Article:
Supreme Court rejects Facebook bid to scale back $15B tracking lawsuit
The Supreme Court on Monday rejected Facebook’s appeal to scale back a $15 billion lawsuit that accuses the tech giant of illegally tracking its users’ internet activities.
The justices declined to take up Facebook’s appeal of a lower court ruling allowing the class-action lawsuit against the company to move forward.
The lawsuit alleges Facebook violated the Wiretap Act by tracking users’ online activities that utilize features such as the platform’s “like” button without their consent between April 2010 and September 2011.
The plaintiffs argue that the company used plug-ins and cookies to collect data on users before selling it to advertisers, Reuters reported, citing court documents.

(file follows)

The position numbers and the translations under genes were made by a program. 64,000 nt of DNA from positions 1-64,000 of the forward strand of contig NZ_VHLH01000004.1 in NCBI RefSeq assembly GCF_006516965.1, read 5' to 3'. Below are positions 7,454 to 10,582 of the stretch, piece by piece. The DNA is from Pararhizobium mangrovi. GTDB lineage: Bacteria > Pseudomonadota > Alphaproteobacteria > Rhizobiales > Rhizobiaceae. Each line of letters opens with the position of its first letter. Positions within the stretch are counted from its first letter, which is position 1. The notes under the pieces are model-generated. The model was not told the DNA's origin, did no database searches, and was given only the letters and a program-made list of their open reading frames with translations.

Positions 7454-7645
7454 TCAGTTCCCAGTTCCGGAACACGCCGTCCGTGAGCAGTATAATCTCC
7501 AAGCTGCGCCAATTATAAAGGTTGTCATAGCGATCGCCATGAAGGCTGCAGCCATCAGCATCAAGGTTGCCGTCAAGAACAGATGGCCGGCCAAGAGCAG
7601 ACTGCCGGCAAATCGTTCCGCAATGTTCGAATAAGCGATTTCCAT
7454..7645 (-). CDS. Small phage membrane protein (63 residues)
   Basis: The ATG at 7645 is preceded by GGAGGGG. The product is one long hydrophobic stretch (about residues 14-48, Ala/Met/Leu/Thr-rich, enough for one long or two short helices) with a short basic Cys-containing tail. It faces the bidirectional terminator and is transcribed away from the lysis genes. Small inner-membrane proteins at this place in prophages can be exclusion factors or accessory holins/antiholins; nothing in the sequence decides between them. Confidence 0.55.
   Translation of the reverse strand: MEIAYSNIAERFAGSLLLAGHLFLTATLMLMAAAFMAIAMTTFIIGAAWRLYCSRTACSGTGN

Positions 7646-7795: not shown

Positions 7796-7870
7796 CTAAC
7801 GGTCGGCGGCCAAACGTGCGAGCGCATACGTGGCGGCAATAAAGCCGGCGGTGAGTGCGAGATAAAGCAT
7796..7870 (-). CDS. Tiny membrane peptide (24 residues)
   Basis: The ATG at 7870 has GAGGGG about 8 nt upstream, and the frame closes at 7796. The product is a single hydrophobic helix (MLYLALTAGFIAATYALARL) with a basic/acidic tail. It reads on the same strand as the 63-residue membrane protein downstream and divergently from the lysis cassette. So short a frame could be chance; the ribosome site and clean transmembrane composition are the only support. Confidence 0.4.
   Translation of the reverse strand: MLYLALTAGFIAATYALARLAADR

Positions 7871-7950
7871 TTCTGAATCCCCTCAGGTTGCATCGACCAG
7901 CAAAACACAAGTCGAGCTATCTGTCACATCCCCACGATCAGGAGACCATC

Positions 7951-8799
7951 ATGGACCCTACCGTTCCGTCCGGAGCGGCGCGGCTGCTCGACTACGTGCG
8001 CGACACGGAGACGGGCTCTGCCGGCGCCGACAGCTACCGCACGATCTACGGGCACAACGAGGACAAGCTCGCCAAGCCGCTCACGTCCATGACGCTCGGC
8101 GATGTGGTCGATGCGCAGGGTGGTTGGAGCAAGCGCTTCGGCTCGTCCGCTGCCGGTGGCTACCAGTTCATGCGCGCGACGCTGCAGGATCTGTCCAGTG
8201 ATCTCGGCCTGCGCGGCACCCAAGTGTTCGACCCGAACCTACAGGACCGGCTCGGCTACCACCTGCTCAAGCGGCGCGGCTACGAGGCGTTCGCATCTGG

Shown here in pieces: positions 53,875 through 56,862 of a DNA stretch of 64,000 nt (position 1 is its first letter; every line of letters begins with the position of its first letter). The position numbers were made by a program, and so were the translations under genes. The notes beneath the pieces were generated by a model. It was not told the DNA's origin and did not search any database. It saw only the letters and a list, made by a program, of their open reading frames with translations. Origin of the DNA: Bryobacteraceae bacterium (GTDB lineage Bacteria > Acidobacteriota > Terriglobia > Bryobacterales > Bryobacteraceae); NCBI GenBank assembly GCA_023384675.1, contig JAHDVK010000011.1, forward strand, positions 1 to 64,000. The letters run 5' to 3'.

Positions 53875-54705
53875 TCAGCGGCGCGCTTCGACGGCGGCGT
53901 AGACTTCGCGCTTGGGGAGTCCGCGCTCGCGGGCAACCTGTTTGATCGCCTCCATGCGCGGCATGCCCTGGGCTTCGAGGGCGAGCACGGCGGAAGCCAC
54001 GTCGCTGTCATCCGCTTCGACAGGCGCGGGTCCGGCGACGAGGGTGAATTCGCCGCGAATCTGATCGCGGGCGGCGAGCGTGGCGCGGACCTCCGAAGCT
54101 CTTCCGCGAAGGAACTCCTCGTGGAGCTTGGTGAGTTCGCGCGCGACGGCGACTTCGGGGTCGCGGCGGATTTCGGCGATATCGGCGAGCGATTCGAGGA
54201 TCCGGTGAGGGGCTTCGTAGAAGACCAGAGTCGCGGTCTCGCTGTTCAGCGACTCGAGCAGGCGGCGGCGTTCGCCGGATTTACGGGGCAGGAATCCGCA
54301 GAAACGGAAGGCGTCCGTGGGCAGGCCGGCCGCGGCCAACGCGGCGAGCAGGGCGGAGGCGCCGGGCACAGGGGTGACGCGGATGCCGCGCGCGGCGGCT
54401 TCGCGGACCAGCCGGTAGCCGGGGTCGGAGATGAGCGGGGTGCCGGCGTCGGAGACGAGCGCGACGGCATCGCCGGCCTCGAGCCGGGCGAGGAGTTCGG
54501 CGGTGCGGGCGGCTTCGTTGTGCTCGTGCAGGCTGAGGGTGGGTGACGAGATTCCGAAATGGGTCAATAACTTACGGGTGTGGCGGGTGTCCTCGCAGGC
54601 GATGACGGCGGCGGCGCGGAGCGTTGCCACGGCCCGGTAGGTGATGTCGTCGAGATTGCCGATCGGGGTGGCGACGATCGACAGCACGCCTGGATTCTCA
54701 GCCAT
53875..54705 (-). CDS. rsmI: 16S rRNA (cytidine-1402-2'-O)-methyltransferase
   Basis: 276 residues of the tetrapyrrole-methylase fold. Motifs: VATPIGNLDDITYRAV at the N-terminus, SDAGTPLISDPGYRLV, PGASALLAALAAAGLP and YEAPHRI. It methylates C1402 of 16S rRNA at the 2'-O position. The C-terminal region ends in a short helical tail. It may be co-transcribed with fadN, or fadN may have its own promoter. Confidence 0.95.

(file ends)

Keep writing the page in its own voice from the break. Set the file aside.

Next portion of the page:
Facebook had appealed to the Supreme Court arguing it did not violate the Wiretap Act, which forbids tracking electronic communications except for those on the sending and receiving ends. The company said its plug-ins meant it was a party to the communications.
“Facebook was not an uninvited interloper to a communication between two separate parties; it was a direct participant,” the company said in a court filing.
The lawsuit also alleged Facebook violated privacy rights. The company did not challenge that accusation in its appeal to the Supreme Court.
The 9th U.S. Circuit Court of Appeals permitted the class action lawsuit to move forward last year after a federal judge originally dismissed it in 2017.
“Facebook’s user profiles would allegedly reveal an individual’s likes, dislikes, interests and habits over a significant amount of time, without affording users a meaningful opportunity to control or prevent the unauthorized exploration of their private lives,” the 9th Circuit said in its ruling.